Statoil CEO Helge Lund provided an updated status this evening at 19.45 CET regarding the situation at the In Amenas facility in Algeria.
Statoil CEO Helge Lund
The Norwegian Ministry of Foreign Affairs has confirmed that the military operations and the hostage crisis at In Amenas have ended.
Statoil can confirm that one further employee is now safe. This person is the same man shown by Norwegian media this evening.
Twelve of the 17 individuals who were at In Amenas when the attack started are now confirmed as being safe.
The situation remains unresolved for five Statoil employees, and neither the Norwegian Ministry of Foreign Affairs nor Statoil have confirmed information regarding their whereabouts.
“We feel a deep and growing concern for our five colleagues. We are working hard to provide information and convey assistance. We will, and we must, keep hoping for more positive news from Algeria. However, we must be prepared to deal with bad news in the next few days,” says Helge Lund.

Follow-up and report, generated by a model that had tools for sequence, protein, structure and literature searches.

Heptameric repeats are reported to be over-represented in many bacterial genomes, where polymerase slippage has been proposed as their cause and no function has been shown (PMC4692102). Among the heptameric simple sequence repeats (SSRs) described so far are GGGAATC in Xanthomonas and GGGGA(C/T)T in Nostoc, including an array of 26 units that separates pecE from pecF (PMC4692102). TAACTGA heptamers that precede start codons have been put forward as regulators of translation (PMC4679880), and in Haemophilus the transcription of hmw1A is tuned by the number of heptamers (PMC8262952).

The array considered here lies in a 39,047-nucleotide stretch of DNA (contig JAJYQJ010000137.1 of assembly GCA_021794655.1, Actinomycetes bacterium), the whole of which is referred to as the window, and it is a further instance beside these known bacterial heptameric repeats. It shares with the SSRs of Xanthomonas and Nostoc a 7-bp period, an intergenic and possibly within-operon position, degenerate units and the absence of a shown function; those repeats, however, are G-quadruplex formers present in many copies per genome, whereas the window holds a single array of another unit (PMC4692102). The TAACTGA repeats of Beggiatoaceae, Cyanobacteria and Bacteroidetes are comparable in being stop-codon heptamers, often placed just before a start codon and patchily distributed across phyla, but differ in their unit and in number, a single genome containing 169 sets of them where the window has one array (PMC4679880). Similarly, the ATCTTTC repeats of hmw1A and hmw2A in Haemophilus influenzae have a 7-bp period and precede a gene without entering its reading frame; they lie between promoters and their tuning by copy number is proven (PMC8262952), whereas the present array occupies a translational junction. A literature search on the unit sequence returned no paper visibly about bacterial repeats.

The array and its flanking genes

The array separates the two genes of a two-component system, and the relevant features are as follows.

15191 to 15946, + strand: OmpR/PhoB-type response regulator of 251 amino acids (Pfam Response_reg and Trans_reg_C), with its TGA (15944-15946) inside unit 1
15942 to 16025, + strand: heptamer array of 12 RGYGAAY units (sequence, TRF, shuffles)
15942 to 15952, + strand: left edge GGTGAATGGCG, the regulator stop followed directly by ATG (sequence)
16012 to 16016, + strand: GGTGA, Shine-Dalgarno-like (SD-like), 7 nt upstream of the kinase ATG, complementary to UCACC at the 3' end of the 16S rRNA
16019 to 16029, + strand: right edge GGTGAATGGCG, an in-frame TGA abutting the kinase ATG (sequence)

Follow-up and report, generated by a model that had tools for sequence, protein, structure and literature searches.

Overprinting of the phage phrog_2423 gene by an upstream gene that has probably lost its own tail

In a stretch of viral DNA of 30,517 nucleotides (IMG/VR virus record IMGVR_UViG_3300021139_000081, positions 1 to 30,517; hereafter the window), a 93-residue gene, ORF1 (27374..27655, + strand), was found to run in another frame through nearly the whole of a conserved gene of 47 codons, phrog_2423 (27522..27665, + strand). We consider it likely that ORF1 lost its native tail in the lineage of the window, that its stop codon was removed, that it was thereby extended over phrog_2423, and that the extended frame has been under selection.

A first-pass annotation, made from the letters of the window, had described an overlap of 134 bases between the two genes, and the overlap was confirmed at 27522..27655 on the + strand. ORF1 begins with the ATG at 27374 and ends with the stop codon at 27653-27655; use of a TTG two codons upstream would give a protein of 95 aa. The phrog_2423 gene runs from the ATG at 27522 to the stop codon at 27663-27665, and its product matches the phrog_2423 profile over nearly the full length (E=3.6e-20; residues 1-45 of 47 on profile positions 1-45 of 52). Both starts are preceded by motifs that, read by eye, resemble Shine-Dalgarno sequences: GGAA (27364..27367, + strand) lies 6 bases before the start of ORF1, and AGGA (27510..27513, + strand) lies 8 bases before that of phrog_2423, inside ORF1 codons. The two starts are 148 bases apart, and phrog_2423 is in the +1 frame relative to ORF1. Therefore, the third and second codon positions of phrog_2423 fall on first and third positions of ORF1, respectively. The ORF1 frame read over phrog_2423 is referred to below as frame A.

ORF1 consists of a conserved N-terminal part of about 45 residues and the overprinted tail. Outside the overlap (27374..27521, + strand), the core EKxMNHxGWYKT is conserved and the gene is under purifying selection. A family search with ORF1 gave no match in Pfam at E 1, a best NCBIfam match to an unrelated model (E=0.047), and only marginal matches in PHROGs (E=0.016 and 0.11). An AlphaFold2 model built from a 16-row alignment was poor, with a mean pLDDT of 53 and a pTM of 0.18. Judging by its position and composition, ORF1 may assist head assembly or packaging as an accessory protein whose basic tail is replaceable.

“What has happened in Algeria is brutal, international terrorism of the worst kind. Despicable acts by ruthless terrorists have created an international tragedy.
“This affects innocent people from a variety of nations: Algeria, Japan, England, the US, Canada, Ireland and Norway, and more. Innocent victims from Statoil, BP, Sonatrach and other companies have been subjected to senseless violence,” says Lund.
Today Helge Lund met the first of the employees who returned from Amenas.
“They describe experiences so extreme that it is inconceivable to understand how anyone can commit them. Those I have met are naturally glad to be alive and reunited with their loved ones, but they carry with them experiences that will affect them and their families for life.
“I personally feel a great responsibility to support everyone affected and their relatives,” says Lund.
Statoil's emergency preparedness organization in Algeria and in Norway is still working closely with Norwegian and international authorities, partners and other companies.
Statoil, Norwegian and British authorities are now searching hospitals in Algiers and other cities. The number of casualties is large, and the situation is complex in the entire country.
Extensive work is also taking place on the ground at In Amenas to establish an overview and clarity in what has happened.
“Many families are now in a situation in which they are waiting for answers. We still have five colleagues for whom we are very concerned. We must prepare ourselves for the fact that it may take time before we get a response. We are facing difficult hours and days,” says Helge Lund.